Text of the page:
Why did China host unity talks between Fatah and Hamas?

Last month, China hosted closed-door meetings in Beijing between representatives of the Palestinian political parties Fatah and Hamas to push towards intra-Palestinian reconciliation and a united Palestinian leadership.

While details of the meetings have been kept under wraps, leaks indicate that Azzam al-Ahmad headed Fatah’s delegation and Mousa Abu Marzook the Hamas delegation.

“Based on an invitation from China, Representatives of the Palestine National Liberation Movement (Fatah) and the Islamic Resistance Movement (Hamas) recently came to Beijing to hold in-depth and candid talks on promoting intra-Palestinian reconciliation,” stated Chinese foreign ministry spokesman Lin Jian on 30 April, after acknowledging the talks had taken place.

In a press statement on 26 April, another foreign ministry spokesperson, Wang Wenbin, said in response to a question on these meetings: “We support strengthening the authority of the Palestinian National Authority, and support all Palestinian factions in achieving reconciliation and increasing solidarity through dialogue and consultation”.

A few days before, Chinese Foreign Minister Wang Yi had reiterated that Beijing supported full membership for Palestine in the UN, which the US had opposed by vetoing the UN Security Council resolution in April. China also supported “the Palestinian State and its right to self-determination,” he added.

“We call for a larger, more credible and effective international peace conference to be convened as soon as possible, and for a tangible timeline and road map to be drawn up for the implementation of the two-state solution.”

"Beijing's initiative could be seen as China's bid to promote itself in front of the world as a state sponsor of peace after the breakthrough it achieved with Saudi Arabia and Iran" 

Need for a united Palestinian front

Lin Qin, professor of politics at the Guangdong Institute in China, told Al-Araby Al-Jadeed, The New Arab’s Arabic-language sister edition, that there was a prevailing belief in Chinese circles that the natural solution, in light of the current circumstances afflicting the Palestinian issue, is to take action to rearrange internal Palestinian affairs.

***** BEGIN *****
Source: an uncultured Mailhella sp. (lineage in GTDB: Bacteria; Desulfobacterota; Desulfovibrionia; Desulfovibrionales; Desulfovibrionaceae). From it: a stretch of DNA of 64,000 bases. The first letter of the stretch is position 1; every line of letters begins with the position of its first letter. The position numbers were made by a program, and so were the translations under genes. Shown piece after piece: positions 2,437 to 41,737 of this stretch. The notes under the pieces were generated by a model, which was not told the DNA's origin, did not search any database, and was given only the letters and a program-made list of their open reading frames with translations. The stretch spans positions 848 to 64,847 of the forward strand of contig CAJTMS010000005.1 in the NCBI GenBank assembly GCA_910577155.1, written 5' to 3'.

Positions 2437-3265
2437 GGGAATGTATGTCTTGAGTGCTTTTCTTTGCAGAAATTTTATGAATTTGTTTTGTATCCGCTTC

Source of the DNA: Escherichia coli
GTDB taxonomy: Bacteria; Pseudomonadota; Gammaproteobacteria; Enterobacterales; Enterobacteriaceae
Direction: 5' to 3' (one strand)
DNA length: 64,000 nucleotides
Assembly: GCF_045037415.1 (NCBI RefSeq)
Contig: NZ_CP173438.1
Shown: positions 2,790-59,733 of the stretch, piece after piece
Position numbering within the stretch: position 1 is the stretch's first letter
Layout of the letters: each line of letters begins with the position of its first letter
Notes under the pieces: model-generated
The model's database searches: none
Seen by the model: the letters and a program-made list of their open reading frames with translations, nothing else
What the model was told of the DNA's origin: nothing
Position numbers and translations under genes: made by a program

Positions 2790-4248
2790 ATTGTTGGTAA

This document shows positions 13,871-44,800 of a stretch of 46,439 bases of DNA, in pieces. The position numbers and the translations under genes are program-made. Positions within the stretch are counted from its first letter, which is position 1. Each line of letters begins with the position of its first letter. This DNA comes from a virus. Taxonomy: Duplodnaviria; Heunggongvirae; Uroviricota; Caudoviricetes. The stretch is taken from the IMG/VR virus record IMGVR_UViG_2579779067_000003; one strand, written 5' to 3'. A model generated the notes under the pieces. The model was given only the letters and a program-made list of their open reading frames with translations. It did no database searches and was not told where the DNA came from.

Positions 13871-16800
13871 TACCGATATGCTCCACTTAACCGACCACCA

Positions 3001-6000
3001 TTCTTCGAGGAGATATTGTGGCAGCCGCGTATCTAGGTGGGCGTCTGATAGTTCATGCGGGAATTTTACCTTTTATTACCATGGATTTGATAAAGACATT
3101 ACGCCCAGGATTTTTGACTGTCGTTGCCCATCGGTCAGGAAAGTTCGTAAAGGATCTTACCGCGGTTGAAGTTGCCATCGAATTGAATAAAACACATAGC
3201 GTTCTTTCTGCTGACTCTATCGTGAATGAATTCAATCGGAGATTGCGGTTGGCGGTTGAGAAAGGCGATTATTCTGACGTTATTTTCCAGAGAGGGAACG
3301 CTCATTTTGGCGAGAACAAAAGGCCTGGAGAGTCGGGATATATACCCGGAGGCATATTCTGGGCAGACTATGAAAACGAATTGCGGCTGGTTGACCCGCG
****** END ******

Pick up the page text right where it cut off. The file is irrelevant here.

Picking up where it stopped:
This would create a solid basis which can be built upon during the next stage, she added, because it is impossible to talk about an international peace conference between Palestinians and Israelis without there being a united Palestinian front.

The initiative to hold intra-Palestinian reconciliation talks in Beijing was a first step in China’s ongoing diplomatic efforts to bring security and peace to the Middle East region, part of which would include holding an international peace conference sponsored by China, said Lin.

She added that Beijing enjoyed good relations with all the Palestinian factions, including Fatah and Hamas, and from that vantage point was striving to overcome the obstacles between the two parties. China believes that the unity of the Palestinian people will be the basic guarantor in ensuring that they will be able to seize their rights and achieve the dream of a Palestinian state, she said.
Beijing enjoys good relations with all Palestinian political factions, including Fatah and Hamas. [Getty]
Unilateral decisions

China’s push for reconciliation between Fatah and Hamas comes less than a month after changes were implemented to the Palestinian Authority (PA), which governs the occupied West Bank. These were a result of US pressure on PA President Mahmoud Abbas to force him to adopt specific reforms in preparation for when the war on Gaza ended.

At the end of March, the PA formed a new government led by Prime Minister Mohammed Mustafa. Abbas said at the time that the remit of the new government would include the West Bank, East Jerusalem, and Gaza, highlighting that its role would include unifying Palestinian institutions, strengthening relief efforts, and reconstruction in Gaza and the West Bank.